by smmmarti guide
July 13, 2003
It’s likely that after stopping to tour the Sugar Cane Museum and examining the important role this plantation crop played in Maui’s development, the attitude toward the smokestacks of Hawaii’s largest working sugar factory would change. It was the plantation life built around Hawaii’s major crops, sugar being the most prolific, that brought the great cultural diversity and pidgin’ that makes Hawaii so unique.
Tucked down the tree lined lane off Pu`unene Highway and Hanson Avenue, the six-room museum has been created in a beautifully restored home of a plantation manager by a non-profit organization dedicated to "preserving and presenting the history and heritage of the sugar industry and the multi-ethnic plantation life which it engendered."
A volunteer accepts the $5 admission fee and invites visitors to explore the exhibits and watch the ten-minute video. Fascinating examples of plantation life, including archival photos, workers’ costumes, and even an old "mess kit," made up of empty tin cans and recycled bull Durham sacks, gives an intimate glimpse into a bygone lifestyle.
Another exhibit tells the story of the original sugar plantation founders and their dreams. Alexander and Baldwin, both sons of missionaries to the islands, formed this company after building extensive irrigation systems that redirected water from the West Maui mountains. Prior to their feats of engineering, only the wettest parts of the island were suitable for growing sugar, as the plant requires great amounts of water. Many personal artifacts, including Mr. Baldwin‘s desk and Mr. Alexander‘s strongbox are on display.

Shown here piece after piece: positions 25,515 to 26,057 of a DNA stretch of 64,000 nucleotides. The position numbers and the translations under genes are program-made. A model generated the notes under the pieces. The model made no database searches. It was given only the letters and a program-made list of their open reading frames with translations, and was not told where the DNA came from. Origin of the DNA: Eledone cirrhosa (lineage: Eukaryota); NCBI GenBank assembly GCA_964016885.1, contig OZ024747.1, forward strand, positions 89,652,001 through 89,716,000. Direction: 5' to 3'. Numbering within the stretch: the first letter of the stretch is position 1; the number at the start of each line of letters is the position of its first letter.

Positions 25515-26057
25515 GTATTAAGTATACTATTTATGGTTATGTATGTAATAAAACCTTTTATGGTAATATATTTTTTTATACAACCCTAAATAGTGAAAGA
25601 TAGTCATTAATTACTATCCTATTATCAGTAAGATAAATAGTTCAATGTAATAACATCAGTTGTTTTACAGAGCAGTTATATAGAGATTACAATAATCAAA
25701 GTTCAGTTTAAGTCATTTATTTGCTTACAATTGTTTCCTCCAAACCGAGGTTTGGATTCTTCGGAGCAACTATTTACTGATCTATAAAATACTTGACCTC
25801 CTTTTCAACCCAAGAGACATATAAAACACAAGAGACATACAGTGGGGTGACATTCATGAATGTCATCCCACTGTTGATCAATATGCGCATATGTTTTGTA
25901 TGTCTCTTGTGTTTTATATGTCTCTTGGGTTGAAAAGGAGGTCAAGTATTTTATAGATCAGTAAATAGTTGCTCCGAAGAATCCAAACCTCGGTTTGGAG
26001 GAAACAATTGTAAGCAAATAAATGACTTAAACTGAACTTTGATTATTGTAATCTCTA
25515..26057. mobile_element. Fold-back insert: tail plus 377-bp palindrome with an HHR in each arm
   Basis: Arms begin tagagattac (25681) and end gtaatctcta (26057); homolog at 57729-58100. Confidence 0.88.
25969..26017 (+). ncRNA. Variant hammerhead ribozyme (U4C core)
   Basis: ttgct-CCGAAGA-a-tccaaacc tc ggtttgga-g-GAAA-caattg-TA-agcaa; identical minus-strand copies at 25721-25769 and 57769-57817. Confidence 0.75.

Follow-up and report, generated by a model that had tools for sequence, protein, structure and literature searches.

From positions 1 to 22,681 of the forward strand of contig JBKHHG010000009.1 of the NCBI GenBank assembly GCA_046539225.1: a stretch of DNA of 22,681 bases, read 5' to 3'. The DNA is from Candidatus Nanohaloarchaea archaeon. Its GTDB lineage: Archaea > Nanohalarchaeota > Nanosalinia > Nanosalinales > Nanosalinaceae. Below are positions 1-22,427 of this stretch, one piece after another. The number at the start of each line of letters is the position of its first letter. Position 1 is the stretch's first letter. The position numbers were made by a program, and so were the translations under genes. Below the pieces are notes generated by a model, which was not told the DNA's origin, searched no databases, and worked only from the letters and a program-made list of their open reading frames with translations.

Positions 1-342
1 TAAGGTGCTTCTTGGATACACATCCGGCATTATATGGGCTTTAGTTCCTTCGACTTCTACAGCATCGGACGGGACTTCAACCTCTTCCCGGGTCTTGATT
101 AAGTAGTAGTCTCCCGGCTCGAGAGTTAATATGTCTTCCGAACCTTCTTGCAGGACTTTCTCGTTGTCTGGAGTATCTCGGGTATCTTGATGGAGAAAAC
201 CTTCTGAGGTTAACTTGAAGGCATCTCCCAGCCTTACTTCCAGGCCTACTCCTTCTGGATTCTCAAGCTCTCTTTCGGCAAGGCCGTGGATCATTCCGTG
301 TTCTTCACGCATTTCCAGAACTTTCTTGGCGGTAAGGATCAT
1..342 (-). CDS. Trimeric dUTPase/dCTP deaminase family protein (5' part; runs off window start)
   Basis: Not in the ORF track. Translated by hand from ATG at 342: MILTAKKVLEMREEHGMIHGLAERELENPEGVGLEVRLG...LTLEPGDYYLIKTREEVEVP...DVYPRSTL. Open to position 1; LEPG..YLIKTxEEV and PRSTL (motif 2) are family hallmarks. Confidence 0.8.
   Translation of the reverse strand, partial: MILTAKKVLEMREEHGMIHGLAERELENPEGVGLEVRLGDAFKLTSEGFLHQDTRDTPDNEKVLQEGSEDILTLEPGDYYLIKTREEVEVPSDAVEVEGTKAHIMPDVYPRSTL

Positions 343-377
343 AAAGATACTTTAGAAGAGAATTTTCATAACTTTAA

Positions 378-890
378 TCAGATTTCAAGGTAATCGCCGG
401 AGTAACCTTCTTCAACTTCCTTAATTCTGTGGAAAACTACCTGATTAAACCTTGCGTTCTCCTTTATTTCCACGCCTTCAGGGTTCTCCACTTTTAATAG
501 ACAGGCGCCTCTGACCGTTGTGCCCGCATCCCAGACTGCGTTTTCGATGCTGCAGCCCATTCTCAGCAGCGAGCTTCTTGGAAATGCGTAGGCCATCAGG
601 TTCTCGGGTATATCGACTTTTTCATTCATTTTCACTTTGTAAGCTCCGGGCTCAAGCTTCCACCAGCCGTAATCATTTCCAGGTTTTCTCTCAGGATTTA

After watching the video on sugar production, be sure to check out the scale model of the refining equipment. Additionally, study the detailed map designating the origin of the plantation work force from Portugal, the Philippines, Germany, China, Japan and other countries around the world. Each brought and retained their own indigenous culture while cohabitating on the plantation village. Eventually, these cultures cross-pollinated and a unique and entirely new culture in terms of food, activities and even language, emerged. The results are considered "Hawaiian" by today’s standards.
Bring along a picnic lunch to fully enjoy the picturesque grounds. Giant ancient trees line the little lane leading to the museum and shade the adjacent yards. A sugarcane harvesting truck borders the expanse of the backyard giving a decidedly rural and old-world romance to the quaint setting.
The museum’s small gift shop deserves attention. Even locals who’ve grown numb and unimpressed with the traditional tourist schottisches will find unique items from books and games to poi dog t-shirts and money cats. Purchases help to support the efforts of this exceptional "Kahili" award winning preservation sight.
From journal Maui with Keiki